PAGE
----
The Most Powerful Symbol

November 22, 2006 at 11:48 pm | Posted in Bible, Catholics, Christ, Cross, Holy Cross, Holy Tradition, Magisterium, Sacred Tradition | Leave a comment

The Beauty Of The Cross

Did the Cross have any lesson to teach me? I wondered today, 22 November 2006. Was there more than what I already knew, that the Roman Catholic Church has the most dramatic, most symbolic and most powerful symbol of faith of all religions or churches in the world: The Cross? Now I know better, as Henry E Dosker tells me in this excerpt (International Standard Bible Encyclopedia, 2006, bible-history.com/):

Cross. No word in human language has become more universally known than this word, and that because all of the history of the world since the death of Christ has been measured by the distance which separates events from it. The symbol and principal content of the Christian religion and of Christian civilization is found in this one word.

How can many Christian churches of the world ignore the Cross? They ignore it at their own risk.

Religious or not, the Cross is found all over the world all over the place. The cross can be traced back to the times of the Romans when free-standing crosses as monuments were used to commemorate victories in battles. It was the Roman Emperor Constantine who introduced the cross as the symbol for Christ’s victory over death (TJH 2006, claddaghstore.com/).

A most symbolic variety is the Huguenot Cross, which is in the form of a Maltese cross, that is, 4 isosceles triangles meeting at the center, with each triangle having 2 rounded points at the corners to make 8. The 8 signify the 8 Beatitudes in Matthew 5: 3-10. From the lowest triangle hangs a dove, symbolizing the Holy Spirit (Huguenot Society of South Africa, geocities.com/hugenotblad/).

Probably the best known award in Canada is the Victoria Cross, instituted by Queen Victoria in 1856, ‘for most conspicuous bravery or extreme devotion to duty in the presence of the enemy’ (Veterans Affairs Canada, 2003, vac.acc.gc.ca/). In Germany, the most famous award recognizing valor was the Iron Cross, instituted by King Frederick William III of Prussia who was at war against Napoleon of France (German U-Boat, 2006, uboataces.com/).

The Greek Cross, also called the St George Cross, is the logotype adopted by the Red Cross established as an international organization in 1863 at the Geneva Convention; it is also seen on the flags of Greece and Switzerland (symbols.com/).

Christianity has been recognized as the ‘religion of the Cross’ as some of the great monuments of Western civilization have been representations of the torture and murder of Christ on the Cross (Richard Viladesau, 2005, oup.com/us/). Viladesau’s book is in fact titled The Beauty Of The Cross, published by Oxford University). Beauty in suffering and death? I quote from the same source:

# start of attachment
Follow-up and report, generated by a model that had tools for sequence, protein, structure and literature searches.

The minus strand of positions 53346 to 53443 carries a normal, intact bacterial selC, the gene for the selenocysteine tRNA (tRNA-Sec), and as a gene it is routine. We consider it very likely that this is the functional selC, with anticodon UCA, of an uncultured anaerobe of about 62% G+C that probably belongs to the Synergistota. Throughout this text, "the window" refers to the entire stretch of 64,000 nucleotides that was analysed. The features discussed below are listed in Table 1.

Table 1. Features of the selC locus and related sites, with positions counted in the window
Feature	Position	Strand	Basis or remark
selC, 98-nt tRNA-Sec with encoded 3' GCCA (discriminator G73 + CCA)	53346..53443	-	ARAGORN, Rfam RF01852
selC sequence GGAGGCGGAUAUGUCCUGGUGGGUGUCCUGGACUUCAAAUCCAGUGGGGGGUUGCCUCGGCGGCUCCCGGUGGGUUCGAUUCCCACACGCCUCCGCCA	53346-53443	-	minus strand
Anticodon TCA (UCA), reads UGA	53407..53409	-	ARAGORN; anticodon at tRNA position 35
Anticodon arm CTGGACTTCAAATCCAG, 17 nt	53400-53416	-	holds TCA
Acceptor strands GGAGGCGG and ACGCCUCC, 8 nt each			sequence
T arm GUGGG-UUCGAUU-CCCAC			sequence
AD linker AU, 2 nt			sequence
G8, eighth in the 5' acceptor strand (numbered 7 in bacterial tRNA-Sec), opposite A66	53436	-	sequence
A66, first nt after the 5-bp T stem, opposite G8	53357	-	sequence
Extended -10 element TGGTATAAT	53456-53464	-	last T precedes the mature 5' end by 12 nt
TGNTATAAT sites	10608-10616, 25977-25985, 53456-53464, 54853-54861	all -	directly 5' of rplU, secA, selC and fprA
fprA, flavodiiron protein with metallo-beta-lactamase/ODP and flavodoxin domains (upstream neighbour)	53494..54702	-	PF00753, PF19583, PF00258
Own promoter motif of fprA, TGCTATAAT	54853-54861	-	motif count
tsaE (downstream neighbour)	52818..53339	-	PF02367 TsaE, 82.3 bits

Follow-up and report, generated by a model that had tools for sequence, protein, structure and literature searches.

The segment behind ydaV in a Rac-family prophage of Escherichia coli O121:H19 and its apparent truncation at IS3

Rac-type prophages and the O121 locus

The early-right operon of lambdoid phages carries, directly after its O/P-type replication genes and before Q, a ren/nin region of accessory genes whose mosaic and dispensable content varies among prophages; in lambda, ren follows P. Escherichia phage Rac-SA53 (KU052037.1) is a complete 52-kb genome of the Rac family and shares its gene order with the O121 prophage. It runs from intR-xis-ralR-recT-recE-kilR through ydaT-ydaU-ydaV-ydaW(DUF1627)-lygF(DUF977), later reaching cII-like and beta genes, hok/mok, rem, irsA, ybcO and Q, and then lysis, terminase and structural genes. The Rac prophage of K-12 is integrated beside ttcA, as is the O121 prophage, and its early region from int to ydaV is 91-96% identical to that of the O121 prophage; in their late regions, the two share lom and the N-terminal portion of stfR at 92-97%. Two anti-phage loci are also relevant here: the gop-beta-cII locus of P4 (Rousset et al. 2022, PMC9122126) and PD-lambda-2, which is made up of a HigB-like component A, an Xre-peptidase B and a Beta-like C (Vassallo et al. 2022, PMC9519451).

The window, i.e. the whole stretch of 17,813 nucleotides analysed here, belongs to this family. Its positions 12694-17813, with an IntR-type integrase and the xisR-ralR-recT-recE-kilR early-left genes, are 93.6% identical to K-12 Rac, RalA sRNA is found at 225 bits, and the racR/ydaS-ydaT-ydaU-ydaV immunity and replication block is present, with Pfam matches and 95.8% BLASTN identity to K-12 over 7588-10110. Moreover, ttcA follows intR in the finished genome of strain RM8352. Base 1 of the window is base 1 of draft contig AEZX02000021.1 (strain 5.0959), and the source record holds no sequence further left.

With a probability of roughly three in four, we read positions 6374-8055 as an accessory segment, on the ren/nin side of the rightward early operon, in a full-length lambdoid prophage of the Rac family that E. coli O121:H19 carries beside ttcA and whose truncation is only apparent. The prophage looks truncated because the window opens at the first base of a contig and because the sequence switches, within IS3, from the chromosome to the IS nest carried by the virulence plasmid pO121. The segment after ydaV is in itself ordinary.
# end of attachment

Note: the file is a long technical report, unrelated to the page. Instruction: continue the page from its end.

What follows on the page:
Despite the horror of the Crucifixion, we often find (the image) beautiful. The beauty of the Cross expresses the central paradox of Christian faith: the Cross of Christ’s execution is the symbol of God’s victory over death and sin. The Cross as an aesthetic object and as a means of devotion corresponds to the mystery of God’s wisdom and power manifest in suffering and apparent failure.

The Holy Cross, says Rev Fr Charles Joanides (Greek Orthodox Archdiocese of America, 2006, goarch.org/), is by Holy Tradition ‘transformative in nature and can make a difference in your life.’ Once we understand the story behind Christ’s Cross:

We develop a personal relationship with God which changes the way we see the world around us. Moreover, the blessed message behind this story not only has a direct, positive, transformative impact on us; it also has a blessed impact on our marriages, families and our efforts to parent our children.

In the Magisterium of Pope John Paul II, the Way of the Cross is very dear to his heart, rooted in his family tradition and in the pastoral life of the Church in his native country, Poland (Piero Marini, 2003, vatican.va/news_services/). In the Opening Prayer of the 2003 Way of the Cross, the Holy Father says:

With us too is the Blessed Virgin Mary. She stood on the hill of Golgotha as the Mother of the dying Son, as the Disciple of the Teacher of truth, as the new Eve standing beneath the tree of life, as the woman of sorrow, the companion of the ‘man of sorrows, acquainted with grief’ (Isaiah 53: 3), the Daughter of Adam, Our Sister, the Queen of Peace. As the Mother of Mercy, she bends over her children who still face dangers and exhaustion, to see their sufferings, to hear the cry arising from their afflictions, to bring them comfort and to renew their hope of peace.

Ultimately, the Holy Cross is the symbol of Peace.

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